Since it didn’t affect the Ravens, you might not have been all that outraged by what happened in Dallas on Sunday in the “Interference Bowl”, but I’ll go ahead and cover for you here today at RSR.
It was a disgrace.
I wrote about the league’s shoddy and occasionally even “suspect” officiating last month and now, with the Lions season potentially ending because of that call on Sunday, it’s time to bring it up again. However, I’m going to go ahead and offer a solution rather than just blow up again about that horrendous call that was gifted to Jason Garrett’s team.
Let me first say this for clarity: I’m not 100% sure the Lions would have won that game on Sunday if the interference call would have stuck on that play. Detroit was in the process of doing what they have done EVERY YEAR of their existence. Which is to say, they were in the process of figuring out a way to NOT get to the Super Bowl, having once owned a 20-7 lead in Dallas before seeing that evaporate.
My guess is they probably wouldn’t have won, because that’s what the Lions do.
But that in no way means the right call was made on that play.
Can you imagine, just by putting a Ravens helmet on those Detroit players and a Steelers helmet on those Cowboys players, what you would have thought on Saturday night if the exact same play happened and the flag was picked up after a Pittsburgh cornerback was initially found guilty of pass interference?
We’d still be losing sleep over that.
When the Ravens missed out on a chance to go to the Super Bowl in Harbaugh’s first season because Daren Stone hit a Pittsburgh player out of bounds on a fourth quarter kick-off, we all knew that was the RIGHT call. It was a dumb penalty — at the worst time you could pick — but it was also the proper call at the time.
You can handle it when a tough call goes against your team if it’s something as obvious as what Stone did in that AFC Championship Game in 2009. You don’t LIKE it, but you accept it.
What happened in Dallas on Sunday was completely unacceptable.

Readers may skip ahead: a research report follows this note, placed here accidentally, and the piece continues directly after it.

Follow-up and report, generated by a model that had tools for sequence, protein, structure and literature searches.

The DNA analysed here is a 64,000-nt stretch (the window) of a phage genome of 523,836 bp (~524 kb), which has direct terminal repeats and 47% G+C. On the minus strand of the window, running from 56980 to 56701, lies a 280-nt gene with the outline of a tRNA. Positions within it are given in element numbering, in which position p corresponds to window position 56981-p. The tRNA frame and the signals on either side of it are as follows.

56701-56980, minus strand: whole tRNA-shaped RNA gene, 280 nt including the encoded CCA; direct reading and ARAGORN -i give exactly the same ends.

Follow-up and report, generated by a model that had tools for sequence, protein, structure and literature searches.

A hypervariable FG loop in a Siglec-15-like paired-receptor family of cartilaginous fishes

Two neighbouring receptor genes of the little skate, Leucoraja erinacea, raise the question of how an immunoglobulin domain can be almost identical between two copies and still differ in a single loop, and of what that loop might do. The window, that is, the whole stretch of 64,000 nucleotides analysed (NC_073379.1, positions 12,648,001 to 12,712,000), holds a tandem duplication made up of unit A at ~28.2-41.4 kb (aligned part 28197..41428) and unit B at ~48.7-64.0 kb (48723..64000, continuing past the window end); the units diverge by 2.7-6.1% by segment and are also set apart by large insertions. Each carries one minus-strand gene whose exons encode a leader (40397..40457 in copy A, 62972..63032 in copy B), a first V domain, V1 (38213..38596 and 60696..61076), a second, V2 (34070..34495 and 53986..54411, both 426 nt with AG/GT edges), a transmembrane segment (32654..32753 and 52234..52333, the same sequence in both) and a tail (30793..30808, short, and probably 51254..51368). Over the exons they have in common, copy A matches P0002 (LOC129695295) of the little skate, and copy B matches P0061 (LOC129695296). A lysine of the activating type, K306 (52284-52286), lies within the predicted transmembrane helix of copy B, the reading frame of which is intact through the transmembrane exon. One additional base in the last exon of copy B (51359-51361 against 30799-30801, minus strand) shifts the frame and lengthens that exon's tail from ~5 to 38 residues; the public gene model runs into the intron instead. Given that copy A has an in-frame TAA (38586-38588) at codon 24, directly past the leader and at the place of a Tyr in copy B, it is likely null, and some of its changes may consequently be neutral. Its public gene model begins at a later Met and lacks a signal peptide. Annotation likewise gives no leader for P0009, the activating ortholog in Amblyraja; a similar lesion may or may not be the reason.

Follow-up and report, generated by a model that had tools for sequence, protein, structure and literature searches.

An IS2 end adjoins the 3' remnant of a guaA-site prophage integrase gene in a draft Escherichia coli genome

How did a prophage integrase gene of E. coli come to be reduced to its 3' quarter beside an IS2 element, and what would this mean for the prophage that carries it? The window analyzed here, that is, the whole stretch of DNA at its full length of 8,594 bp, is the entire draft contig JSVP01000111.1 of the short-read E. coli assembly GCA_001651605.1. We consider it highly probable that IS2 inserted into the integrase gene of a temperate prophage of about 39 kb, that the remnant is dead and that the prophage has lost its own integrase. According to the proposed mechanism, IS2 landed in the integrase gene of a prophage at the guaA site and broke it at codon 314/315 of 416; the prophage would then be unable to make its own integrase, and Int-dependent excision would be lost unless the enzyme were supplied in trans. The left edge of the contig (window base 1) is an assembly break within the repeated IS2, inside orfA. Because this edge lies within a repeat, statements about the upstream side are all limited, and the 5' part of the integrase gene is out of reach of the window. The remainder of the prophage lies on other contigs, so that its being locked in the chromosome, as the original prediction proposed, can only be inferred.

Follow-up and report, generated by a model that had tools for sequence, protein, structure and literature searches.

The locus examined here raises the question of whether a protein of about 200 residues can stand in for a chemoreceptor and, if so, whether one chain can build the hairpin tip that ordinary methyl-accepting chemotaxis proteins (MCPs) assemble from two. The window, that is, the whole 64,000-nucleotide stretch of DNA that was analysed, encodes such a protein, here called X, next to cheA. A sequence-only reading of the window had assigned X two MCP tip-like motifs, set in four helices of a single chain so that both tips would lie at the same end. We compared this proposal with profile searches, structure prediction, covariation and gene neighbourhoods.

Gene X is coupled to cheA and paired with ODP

Now, the solution: All of the TV networks employ a former NFL official as their “expert” on matters such as calls, rules application, etc. He is typically situated somewhere OTHER than the stadium — except perhaps in the Super Bowl — and has the ability to see the replay and make an assessment on its accuracy without hearing the players, coaches and fans react to it there, in the stadium.
In situations like we saw on Sunday, where there’s a dispute of some sort between the officiating crew, why not turn to a league-designated “official in the booth” who is permitted to look at the replay and make a decision on what the proper call should have been?
This is not someone who gets used for anything other than disputes about calls or rules applications. (When flags are thrown and picked up, for example).
I think we can all agree that had that option been in place on Sunday, the “ref in the sky” would have said, “Hey, look guys, that was pass interference. I’ve looked at it five times here and it’s very obvious. You got it right the first time.”
That would likely take as much time — perhaps less — than a typical coach’s challenge.
And it would keep the games on the level.
Right now, it looks like the games are starting to rival professional wrestling with the referees turning their back at precisely the time the bad guy pulls a bag of salt out of his sock and throws it in the eyes of the good guy.
In other words, the referees look like they don’t know what they’re doing.